Guelph Disability Advocates Say Council Can Do More Than Advocate for Higher ODSP Rates

By Graeme McNaughtonGuelph Mercury Tribune
Mon., July 4, 2022

Lorelei Root, vice-chair of the City of Guelph’s accessibility advisory committee, says while Mayor Cam Guthrie’s motion calling on council to advocate to the province for higher ODSP and Ontario Works rates, the city needs to do more to make an accessible city.

One of the things that keeps Lorelei Root up at night is the fear of what her life will be like when her multiple sclerosis gets worse, perhaps necessitating a return to needing to once again use the Ontario Disability Support Program (ODSP).

Root speaks from experience, having had to use ODSP in 2017 and 2018 after she had a stroke in 2014 and her workplace disability benefits had run out. Unable to work, she had to use the program, which, at the time, had a maximum monthly payment of $1,128 per month, or just over $14,000 annually. The poverty line in Ontario for a single adult is just under $20,000 per year.

“It’s not at all enough to live on or get by. It’s basically condemning people to an endless cycle of poverty and homelessness, essentially, unless there are some really big external social supports available to you,” Root, chair of the city’s accessibility advisory committee, told the Mercury Tribune.

Since Root first went on ODSP, the maximum rate a recipient can get each month has increased by $41, or 3.6 per cent. Meanwhile, according to the Bank of Canada, inflation has gone up 16.4 per cent.

At council’s July 4 committee of the whole meeting, Mayor Cam Guthrie is due to bring forward a bevy of motions regarding issues related to homelessness, mental health and addictions in Guelph. Among the motions council will be voting on Monday calls for city council to advocate to the province to immediately raise ODSP and Ontario Works rates to above the poverty line.

Last week, Premier Doug Ford said his government would include a five per cent increase to ODSP rates in the upcoming provincial budget, as well as legislation to increase rates every year after.

Guthrie said the increase Ford is proposing is not nearly enough, pointing to inflation rates being well above that. According to Statistics Canada, the consumer price index rose 7.7 per cent between May 2021 and May 2022.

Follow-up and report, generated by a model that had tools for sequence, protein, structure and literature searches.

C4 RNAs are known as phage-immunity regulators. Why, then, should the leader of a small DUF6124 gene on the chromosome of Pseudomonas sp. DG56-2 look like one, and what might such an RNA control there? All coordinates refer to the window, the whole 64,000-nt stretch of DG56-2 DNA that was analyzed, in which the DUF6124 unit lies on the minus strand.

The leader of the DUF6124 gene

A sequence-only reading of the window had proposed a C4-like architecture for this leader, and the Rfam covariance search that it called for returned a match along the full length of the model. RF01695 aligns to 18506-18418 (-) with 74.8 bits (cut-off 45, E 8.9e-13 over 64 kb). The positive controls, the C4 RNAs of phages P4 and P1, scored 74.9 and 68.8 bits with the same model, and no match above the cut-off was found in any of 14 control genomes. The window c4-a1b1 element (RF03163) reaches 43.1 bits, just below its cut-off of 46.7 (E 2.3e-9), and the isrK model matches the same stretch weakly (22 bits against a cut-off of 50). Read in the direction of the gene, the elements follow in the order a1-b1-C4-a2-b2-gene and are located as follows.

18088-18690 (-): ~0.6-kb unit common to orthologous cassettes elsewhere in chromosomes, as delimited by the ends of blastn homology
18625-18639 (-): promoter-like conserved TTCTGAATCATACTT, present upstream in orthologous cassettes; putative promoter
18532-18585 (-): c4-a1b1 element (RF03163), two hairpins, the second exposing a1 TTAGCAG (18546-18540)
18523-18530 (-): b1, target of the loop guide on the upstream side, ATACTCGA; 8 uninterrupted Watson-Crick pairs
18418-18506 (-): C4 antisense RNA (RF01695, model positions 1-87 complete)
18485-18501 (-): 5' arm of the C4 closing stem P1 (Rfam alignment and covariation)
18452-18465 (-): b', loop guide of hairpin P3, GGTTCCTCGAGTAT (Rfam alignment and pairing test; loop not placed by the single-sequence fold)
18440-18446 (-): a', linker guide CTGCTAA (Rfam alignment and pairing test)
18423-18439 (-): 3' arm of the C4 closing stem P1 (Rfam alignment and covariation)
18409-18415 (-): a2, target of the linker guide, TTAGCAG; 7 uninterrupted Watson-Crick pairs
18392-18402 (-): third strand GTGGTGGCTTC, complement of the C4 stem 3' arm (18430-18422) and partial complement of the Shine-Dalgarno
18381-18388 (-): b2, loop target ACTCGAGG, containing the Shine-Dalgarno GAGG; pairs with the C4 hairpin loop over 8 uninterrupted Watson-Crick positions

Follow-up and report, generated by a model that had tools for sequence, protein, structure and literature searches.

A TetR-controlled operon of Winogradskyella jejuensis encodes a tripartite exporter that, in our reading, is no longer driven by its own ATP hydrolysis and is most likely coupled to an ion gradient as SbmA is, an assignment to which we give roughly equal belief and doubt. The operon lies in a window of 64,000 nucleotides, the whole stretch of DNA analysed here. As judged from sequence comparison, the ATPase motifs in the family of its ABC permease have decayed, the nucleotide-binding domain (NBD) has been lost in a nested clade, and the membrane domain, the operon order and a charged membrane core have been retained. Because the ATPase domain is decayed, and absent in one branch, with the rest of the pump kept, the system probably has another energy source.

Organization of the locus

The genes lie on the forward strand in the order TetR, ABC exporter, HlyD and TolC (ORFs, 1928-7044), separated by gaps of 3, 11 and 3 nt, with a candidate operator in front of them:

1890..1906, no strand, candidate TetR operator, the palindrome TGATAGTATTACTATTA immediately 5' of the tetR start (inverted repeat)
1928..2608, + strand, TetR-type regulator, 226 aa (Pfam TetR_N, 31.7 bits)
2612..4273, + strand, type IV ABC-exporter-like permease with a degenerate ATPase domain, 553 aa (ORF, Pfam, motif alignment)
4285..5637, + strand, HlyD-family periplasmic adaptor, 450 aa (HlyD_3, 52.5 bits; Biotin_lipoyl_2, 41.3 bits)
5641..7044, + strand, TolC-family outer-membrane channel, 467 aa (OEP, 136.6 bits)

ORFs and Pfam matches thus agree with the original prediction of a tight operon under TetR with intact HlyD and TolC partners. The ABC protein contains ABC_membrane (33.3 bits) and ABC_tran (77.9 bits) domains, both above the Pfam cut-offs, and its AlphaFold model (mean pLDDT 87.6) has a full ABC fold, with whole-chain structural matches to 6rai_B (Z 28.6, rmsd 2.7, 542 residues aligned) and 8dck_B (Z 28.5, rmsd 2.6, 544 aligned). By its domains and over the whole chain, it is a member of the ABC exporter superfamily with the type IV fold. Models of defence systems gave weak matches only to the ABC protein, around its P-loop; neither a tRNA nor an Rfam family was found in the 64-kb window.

“What is compounding this issue as well is that I have been seeing many people that were already on programs and they were already housed, but over COVID and amid the housing crisis, many have found themselves in a position of renovictions,” he said, referring to a landlord evicting a tenant by claiming major renovations need to be done.

“Now they’re being forced out of the homes they were in, and now they’re in this new high-inflation housing crisis market, being forced to find shelter.”

‘First step on a path many steps to follow’

Erin Caton, also a member of the city’s accessibility advisory committee and a council candidate in October’s municipal election, agrees the rate increase Ford has proposed “is going to do very little to help lift anybody out of poverty,” and wants to see council use its position to help influence change.

However, she added Guthrie’s motion “could really be more substantial if we were doing things within the city as well,” such as encouraging more affordable and accessible housing options.

“The city really needs to do more than just ask the province to double the rates – we need to be incentivizing landlords to have rent-geared-to-income properties through tax rebates, we need to require more rent-geared-to-come options in new builds,” they said.

“Unless we’re approving designs that allow currently disabled people with all types of disabilities to access these spaces and allow others to age in place, then we’re not really doing enough.”

Root agrees, saying Guthrie’s motion, if successful, “is definitely a wonderful first step, but only if that’s what it is – the first step on a path with many more steps to follow.”

“In order to make sure that it doesn’t seem like just an empty gesture or virtue signalling, we need to make sure that we’re actually backing it up with doing better ourselves at the municipal level as well,” she said.

She pointed to a number of examples, including the powers that be at city hall taking the accessibility advisory committee’s advice more seriously, and ensuring there are more accessible playgrounds, housing and voting options in Guelph.

“I guess writing a letter to the province to ask them to make change in areas where we don’t have the power that make that change ourselves is definitely a good move, but an even better move in my opinion would be leveraging the power that we do have to make change in the areas that we can control as a municipality.”

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